Thursday, October 22, 2009

Live Review: Dirty Projectors at the Ottobar

This review comes compliments of Jason Tomassini, a like-minded musically obsessed local journalist. Jay has typically covered some hip hop for us in the past, but wanted to throw in his input on Tuesday night's packed Dirty Projectors show at the Ottobar.

A lot has been made of the “genius” of Dave Longstreth, showcased on the several weird and complicated albums and EPs he’s recorded over the past decade as Dirty Projectors.

And while those albums were very good in their own right -- as exercises in great technical skill, taking a background in music composition and applying it to rock music and some level of batshit craziness (2005’s The Getty Address was a concept album about Don Henley; 2007’s Rise Above an indie rock album of Black Flag covers) -- it wasn’t exactly the most accessible brand of indie rock.

With the odd time signatures, the seemingly random application of bongos, cowbells and woodwind instruments and the abrupt undulations of Longstreth's voice, it's just difficult music, and that's probably the best way to describe DPs overall musical aesthetic. But there was still something that kept bringing fans back. You could tell there were pop songs somewhere in there, it was just really difficult to find them.

There was nothing difficult about enjoying Dirty Projectors’s Tuesday night show at Ottobar however, mainly because the majority of the set came from DPs latest album Bitte Orca, a truly great pop album that finds the catchy gems deep within DPs back catalogue, combines with aspects of their trademark weirdness, and runs with it. The result is something accessible to those outside academia and to bearded 20-something hipsters who don't necessarily have a working knowledge of West African guitarists. As a six-piece with three female vocalists, Dirty Projectors look and perform like a real rock band now, even if their musical skill makes them overqualified to do so. And while they have embraced Bitte Orca’s pop sentiments, it’s still a spectacle really unlike any other in indie rock to watch DPs perform.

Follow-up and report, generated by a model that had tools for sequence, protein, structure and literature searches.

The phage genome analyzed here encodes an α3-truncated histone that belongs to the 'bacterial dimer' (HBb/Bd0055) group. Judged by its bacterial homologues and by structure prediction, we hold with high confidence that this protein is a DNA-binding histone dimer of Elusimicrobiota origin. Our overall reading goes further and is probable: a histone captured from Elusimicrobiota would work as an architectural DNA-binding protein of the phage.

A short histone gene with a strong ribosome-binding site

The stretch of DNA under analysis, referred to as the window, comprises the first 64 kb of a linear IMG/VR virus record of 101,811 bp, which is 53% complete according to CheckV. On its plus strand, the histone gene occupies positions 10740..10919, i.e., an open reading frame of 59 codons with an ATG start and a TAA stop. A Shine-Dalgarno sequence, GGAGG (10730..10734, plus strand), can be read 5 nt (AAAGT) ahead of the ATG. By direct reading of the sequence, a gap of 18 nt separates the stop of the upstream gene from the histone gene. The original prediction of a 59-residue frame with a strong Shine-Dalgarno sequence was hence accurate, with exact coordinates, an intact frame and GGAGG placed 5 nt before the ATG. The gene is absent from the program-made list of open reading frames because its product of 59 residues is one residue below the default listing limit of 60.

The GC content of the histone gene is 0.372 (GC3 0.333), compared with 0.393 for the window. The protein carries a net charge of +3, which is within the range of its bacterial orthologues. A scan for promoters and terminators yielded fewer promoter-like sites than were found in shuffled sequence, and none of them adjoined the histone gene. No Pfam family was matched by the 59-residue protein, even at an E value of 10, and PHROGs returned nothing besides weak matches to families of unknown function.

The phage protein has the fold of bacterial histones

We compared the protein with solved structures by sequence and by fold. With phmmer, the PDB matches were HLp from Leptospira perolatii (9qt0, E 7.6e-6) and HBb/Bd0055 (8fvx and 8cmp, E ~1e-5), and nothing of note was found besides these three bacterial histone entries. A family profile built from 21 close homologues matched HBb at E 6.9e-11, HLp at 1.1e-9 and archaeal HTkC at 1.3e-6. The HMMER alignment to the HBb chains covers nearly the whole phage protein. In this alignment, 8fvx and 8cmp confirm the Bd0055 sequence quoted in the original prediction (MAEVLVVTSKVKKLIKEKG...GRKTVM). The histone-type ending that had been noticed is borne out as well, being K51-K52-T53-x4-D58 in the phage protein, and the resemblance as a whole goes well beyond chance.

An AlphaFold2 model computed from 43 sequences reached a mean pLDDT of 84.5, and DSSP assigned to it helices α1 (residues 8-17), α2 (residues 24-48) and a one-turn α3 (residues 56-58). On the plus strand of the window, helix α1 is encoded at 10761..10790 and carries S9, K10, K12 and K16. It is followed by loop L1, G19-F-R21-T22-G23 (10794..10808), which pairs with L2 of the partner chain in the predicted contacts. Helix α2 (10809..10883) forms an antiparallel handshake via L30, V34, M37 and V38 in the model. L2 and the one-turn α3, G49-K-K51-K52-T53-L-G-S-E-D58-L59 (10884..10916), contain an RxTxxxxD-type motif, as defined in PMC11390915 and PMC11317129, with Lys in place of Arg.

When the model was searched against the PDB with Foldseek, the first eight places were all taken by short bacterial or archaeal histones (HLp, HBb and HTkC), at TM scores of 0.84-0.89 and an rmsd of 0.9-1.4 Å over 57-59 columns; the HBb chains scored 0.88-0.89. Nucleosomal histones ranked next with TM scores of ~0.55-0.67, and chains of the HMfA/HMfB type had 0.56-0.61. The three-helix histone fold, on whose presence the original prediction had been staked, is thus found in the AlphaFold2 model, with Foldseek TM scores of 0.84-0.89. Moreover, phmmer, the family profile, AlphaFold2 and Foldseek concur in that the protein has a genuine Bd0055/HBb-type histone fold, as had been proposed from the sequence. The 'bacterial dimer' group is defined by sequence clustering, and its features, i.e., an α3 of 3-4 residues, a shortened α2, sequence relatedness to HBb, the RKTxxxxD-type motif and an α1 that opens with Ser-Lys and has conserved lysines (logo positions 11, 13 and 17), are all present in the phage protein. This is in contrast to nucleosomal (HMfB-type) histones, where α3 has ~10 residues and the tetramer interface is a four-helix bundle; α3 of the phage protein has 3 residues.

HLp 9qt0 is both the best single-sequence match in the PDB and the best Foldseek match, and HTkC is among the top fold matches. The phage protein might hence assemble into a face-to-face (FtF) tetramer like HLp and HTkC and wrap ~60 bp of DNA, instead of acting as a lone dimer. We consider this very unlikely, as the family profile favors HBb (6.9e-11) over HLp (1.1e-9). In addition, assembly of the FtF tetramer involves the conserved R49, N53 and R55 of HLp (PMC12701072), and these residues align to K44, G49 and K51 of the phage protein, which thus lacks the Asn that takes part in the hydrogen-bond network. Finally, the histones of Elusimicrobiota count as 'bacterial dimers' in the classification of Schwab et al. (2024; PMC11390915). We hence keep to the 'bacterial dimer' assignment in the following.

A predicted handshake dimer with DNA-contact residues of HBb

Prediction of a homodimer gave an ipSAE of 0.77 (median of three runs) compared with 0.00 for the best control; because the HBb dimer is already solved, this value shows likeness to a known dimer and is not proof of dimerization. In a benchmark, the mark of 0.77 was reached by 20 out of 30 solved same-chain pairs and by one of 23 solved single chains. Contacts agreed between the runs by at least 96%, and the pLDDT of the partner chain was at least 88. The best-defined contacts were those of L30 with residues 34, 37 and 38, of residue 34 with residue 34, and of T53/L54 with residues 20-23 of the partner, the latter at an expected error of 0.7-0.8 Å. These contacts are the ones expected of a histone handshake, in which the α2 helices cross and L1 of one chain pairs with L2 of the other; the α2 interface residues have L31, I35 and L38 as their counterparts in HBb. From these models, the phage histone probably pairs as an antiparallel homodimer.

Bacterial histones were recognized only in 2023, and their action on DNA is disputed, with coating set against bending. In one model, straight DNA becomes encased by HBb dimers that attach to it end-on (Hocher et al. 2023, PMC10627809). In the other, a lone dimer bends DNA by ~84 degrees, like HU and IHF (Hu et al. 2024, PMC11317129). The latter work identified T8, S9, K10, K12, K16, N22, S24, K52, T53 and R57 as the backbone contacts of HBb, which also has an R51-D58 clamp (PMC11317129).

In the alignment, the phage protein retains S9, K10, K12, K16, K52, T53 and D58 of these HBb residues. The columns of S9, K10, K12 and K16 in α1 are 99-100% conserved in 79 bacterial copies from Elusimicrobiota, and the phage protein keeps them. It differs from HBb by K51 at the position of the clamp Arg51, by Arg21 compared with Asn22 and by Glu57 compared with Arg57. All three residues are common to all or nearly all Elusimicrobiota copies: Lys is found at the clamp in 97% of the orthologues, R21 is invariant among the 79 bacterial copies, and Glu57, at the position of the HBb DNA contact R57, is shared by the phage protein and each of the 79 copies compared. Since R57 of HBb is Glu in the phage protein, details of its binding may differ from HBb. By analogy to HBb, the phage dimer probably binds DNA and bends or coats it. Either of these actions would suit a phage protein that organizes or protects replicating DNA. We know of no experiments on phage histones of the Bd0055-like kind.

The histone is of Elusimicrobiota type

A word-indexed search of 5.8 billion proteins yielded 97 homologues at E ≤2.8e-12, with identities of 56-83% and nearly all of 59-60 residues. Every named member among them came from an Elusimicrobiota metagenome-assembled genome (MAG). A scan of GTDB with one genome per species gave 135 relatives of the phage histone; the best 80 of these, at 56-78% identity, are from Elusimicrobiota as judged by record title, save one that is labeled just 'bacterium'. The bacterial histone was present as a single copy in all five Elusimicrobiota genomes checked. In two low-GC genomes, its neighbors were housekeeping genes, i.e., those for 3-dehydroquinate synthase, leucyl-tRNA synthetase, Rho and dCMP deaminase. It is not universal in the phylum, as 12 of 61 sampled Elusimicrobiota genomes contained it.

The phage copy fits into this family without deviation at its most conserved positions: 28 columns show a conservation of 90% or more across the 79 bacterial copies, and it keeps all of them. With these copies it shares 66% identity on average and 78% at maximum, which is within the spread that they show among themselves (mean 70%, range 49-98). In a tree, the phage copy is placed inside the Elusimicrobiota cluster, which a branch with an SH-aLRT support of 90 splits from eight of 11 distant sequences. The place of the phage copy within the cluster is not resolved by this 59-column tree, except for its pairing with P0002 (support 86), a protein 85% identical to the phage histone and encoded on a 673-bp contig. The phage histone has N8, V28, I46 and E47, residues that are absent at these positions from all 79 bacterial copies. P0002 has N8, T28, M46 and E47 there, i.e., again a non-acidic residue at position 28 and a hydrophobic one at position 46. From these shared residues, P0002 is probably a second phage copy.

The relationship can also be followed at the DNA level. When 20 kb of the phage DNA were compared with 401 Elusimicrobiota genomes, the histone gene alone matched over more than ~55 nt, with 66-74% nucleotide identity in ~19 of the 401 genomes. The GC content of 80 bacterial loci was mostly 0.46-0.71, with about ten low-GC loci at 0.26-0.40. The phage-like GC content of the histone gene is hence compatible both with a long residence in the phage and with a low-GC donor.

Longstreth and his three female vocalists interchange their parts seamlessly, an effort in four-part vocal harmony that seems implausible to pull of live when you hear it on record, but is done with ease. The precise jamouts that are more prevalent on early DPs records are lively on stage, with the painfully timid Longstreth and the slightly-less-shy female vocalists losing themselves during brief interludes of headbanging and shredding. (I've never given props to a sound crew before, but Ottobar stepped up their game last night).

Epic Bitte Orca centerpiece "Useful Chamber" sort of mashed all of this together, as DPs slowed and sped up the tempo -- over two distinct halves of the nearly 7-minute track -- with ease and the quasi-beat-boxing of two female vocalists sounded nearly identical to the album version; that the crowd anticipated every twist and turn is a testament to how tight the musicians are live. But it was still the songs that made Bitte Orca an authentic pop record gave the crowd the biggest rise. Standouts "Temecula Sunrise" and "No Intentions" -- radiant pop songs not out of place on even the catchiest, sunniest summer playlists – had the crowd bobbing up and down, essentially the closest thing you can do to dancing at a DPs show.

Bitte Orca's first single "Stillness Is the Move" -- which wouldn't be out of place on a really ambitious Mariah Carey album – stumbled off the bat as Longstreth and the band’s bassist couldn’t quite get on the same page when creating the beat to the song, which sounds like something Timbaland might make on his weirdest days. But eventually they go in synch and Amber Coffman eventually hit her stride on lead vocals and the crowd tried in vain to sing along to notes that really no one in the room besides Coffman was capable of hitting.

And by that point, about halfway through the set, what was most surprising wasn’t that Dirty Projectors pulled off an R&B song with a West African-sounding rhythm section and indie-rock chicks hitting Whitney Houston notes, it was that it took them a minute to perfect it.

And that's really what made the show so memorable: Dirty Projectors make difficult songs look and sound easy on stage, removing all that pesky close listening and giving us no alternative but to dance and sing along like we expected nothing less than perfection.

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